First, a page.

Black Politicians Disagree When Race Is A Factor

The Senate's refusal to seat Illinois Senate appointee Roland Burris has been portrayed in some Chicago political circles as a case of racism pure and simple. But for a new generation of black politicians - peers in age with the new president-elect - that kind of race-baiting is no longer the norm.

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STEVE INSKEEP, host:

Today, Roland Burris tries again to be accepted as a U.S. senator from Illinois. He meets with leaders of the Senate, which has already turned him away once. This morning, we'll talk about the debate that was ignited because the man who was denied that seat is black. It has exposed a divide between two generations of black leaders. And we're joined now by NPR news analyst Juan Williams. Juan, good morning.

JUAN WILLIAMS: Good morning, Steve.

INSKEEP: If I may ask about two Chicago politicians here, both African-American, they actually ran against each other in an election once. One is Congressman Bobby Rush, who says that denying the Senate seat to Burris is like segregation. The other is President-elect Obama, who says this is about corruption, and it's fine to keep him out of the Senate. What leads to that difference in outlook, do you think?

WILLIAMS: Well, I think for the older generation, Steve, it's identity politics. It's being a spokesman for black grievance and a conduit to white political power - I think that's the model that they are deeply enmeshed in - versus a younger generation of black politicians who are seeking a place in mainstream politics - like earlier generations of Italians or Irish who've now found themselves in mainstream American politics.

INSKEEP: Wait a minute. Bobby - you're saying Bobby Rush says, you know, I have to stand up for other African-Americans because we have to stick together, and President-elect Obama is thinking in a different and broader way.

WILLIAMS: Absolutely. So you get the former Black Panther, Bobby Rush, saying that keeping Burris out of the Senate is like old segregation, and making the argument that, you know, he's essentially blocking the schoolhouse door, but it's the Senate door this time. And if you think about for a second, Steve, the Illinois secretary of state is black, President Obama's black, they both oppose Burris being seated. So that argument isn't getting traction. Instead, it's the legal argument that is right now being the best - best that Roland Burris can do to try to get his seat in the Senate.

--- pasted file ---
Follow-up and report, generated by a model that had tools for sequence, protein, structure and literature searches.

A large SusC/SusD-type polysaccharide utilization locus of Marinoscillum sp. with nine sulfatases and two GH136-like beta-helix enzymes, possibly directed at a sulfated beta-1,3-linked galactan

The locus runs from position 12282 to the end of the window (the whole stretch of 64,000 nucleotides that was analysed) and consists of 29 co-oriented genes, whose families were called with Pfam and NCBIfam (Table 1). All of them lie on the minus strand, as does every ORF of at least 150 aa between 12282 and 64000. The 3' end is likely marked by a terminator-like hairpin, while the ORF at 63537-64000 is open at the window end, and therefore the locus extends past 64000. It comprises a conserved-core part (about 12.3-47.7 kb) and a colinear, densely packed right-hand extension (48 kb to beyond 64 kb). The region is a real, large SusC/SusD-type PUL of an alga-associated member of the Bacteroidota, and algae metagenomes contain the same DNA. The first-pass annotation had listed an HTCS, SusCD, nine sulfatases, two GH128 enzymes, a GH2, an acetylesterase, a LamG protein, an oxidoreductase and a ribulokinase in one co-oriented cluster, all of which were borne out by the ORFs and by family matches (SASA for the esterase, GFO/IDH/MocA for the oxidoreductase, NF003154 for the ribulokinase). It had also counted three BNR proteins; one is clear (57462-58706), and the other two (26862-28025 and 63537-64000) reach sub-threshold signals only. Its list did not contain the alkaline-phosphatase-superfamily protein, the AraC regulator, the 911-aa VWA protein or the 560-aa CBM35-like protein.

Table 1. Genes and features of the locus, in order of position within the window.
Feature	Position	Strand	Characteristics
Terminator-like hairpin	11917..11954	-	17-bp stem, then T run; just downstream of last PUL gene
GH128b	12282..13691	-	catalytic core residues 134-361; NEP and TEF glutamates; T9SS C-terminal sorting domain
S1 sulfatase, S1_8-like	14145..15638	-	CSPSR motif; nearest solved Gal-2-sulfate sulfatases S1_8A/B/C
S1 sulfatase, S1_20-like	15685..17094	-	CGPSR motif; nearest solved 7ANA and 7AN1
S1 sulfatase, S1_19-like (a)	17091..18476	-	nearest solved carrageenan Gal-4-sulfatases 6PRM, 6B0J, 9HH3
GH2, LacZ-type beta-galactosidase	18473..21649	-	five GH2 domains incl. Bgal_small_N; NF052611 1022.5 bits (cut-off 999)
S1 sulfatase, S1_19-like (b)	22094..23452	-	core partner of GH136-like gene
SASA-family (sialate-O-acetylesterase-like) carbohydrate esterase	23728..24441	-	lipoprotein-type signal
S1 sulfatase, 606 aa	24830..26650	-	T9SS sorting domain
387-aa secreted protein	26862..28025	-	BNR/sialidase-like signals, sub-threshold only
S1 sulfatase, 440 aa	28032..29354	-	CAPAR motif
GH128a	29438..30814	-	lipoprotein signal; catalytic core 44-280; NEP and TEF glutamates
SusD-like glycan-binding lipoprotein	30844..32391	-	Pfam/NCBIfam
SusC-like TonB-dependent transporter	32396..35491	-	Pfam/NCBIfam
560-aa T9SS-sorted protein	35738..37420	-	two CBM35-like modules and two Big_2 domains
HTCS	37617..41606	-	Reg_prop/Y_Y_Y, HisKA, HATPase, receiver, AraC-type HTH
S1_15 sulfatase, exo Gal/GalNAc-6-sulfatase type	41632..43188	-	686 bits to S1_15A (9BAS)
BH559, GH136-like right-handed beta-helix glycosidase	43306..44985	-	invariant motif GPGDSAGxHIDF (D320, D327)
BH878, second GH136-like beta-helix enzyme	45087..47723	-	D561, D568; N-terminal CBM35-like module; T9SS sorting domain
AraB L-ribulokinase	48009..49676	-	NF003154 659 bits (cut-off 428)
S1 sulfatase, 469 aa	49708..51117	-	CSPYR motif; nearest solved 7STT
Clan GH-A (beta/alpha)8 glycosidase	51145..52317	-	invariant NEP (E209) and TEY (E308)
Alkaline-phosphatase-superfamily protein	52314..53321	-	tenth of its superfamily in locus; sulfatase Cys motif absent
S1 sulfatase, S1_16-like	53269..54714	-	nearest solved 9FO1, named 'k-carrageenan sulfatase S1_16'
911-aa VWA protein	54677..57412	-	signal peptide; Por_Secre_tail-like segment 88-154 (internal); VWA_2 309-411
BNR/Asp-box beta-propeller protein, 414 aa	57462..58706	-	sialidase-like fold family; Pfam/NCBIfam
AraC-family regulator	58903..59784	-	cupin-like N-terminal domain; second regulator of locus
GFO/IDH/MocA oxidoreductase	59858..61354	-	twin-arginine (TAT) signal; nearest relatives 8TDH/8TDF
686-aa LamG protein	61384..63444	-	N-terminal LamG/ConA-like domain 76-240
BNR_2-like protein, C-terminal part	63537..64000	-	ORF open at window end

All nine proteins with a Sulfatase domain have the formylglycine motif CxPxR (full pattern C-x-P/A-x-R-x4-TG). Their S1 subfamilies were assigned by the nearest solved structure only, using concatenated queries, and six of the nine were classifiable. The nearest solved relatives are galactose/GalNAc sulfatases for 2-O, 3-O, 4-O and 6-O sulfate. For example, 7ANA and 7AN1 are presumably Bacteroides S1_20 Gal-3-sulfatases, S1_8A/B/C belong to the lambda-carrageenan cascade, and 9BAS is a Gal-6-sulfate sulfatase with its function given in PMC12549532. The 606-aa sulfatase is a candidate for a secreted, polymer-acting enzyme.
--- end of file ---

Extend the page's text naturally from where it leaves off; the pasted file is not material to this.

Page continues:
INSKEEP: Hard to miss that Rush and Obama are different in age. Is there a split, of sorts, between older and younger black leaders in the way they view the world?

WILLIAMS: Oh, I don't think there's any question. You stop and you think about the fact that if we were talking a year ago, you'd realize that most of the Congressional Black Caucus was supporting Hillary Clinton. They knew her. I mean, this is the key thing, they - you stop and think about it, even the older black politicians don't know this younger generation. They don't know that they'll return their phone calls. They don't know that they will make deals. They don't know that they will back them when it comes to funding programs or supporting their campaigns down the line. These guys didn't come up through the pulpit. They didn't come up through the civil rights movement. Remember, Barack Obama wasn't part of that at all. He comes from a separate generation. He's Ivy League-educated. They're still coming to know those folks, so it's no surprise that they would be reluctant to throw out immediate support to the likes of Barack Obama or this younger generation.

INSKEEP: Are you saying the older generation of civil rights leaders, at least some members of that generation are still skeptical of Barack Obama, even after seeing him campaign?

WILLIAMS: Yes, sir. Well, all - Steve, the only thing that makes them not skeptical is the fact that there is such overwhelming support in the black community for Barack Obama and many of these younger black politicians. But the fact that they have no history with them tends to define them as strange, different. You know, they don't see them as one of them quite yet. So maybe that's coming down the pike. I'm - just - was yesterday talking with Artur Davis, the Congressman from Alabama, Ivy League-educated. And he told me he's thinking of running for governor of Alabama. A black man might be governor of Alabama. But he's looking for a model. He's looking at President Obama. He's looking at Bobby Jindal, the governor of Louisiana. He's not expecting support from older black politicians in the state. In fact, he said he says he imagines that they will oppose him and put him in a corner as a relative risk, and suggest that people stick with them and with the established Democratic lines of authority in the state. That's - that's what's going on in the country, that split between the generations.

INSKEEP: Juan, thanks very much.

WILLIAMS: You're welcome, Steve.

INSKEEP: That's NPR news analyst Juan Williams.

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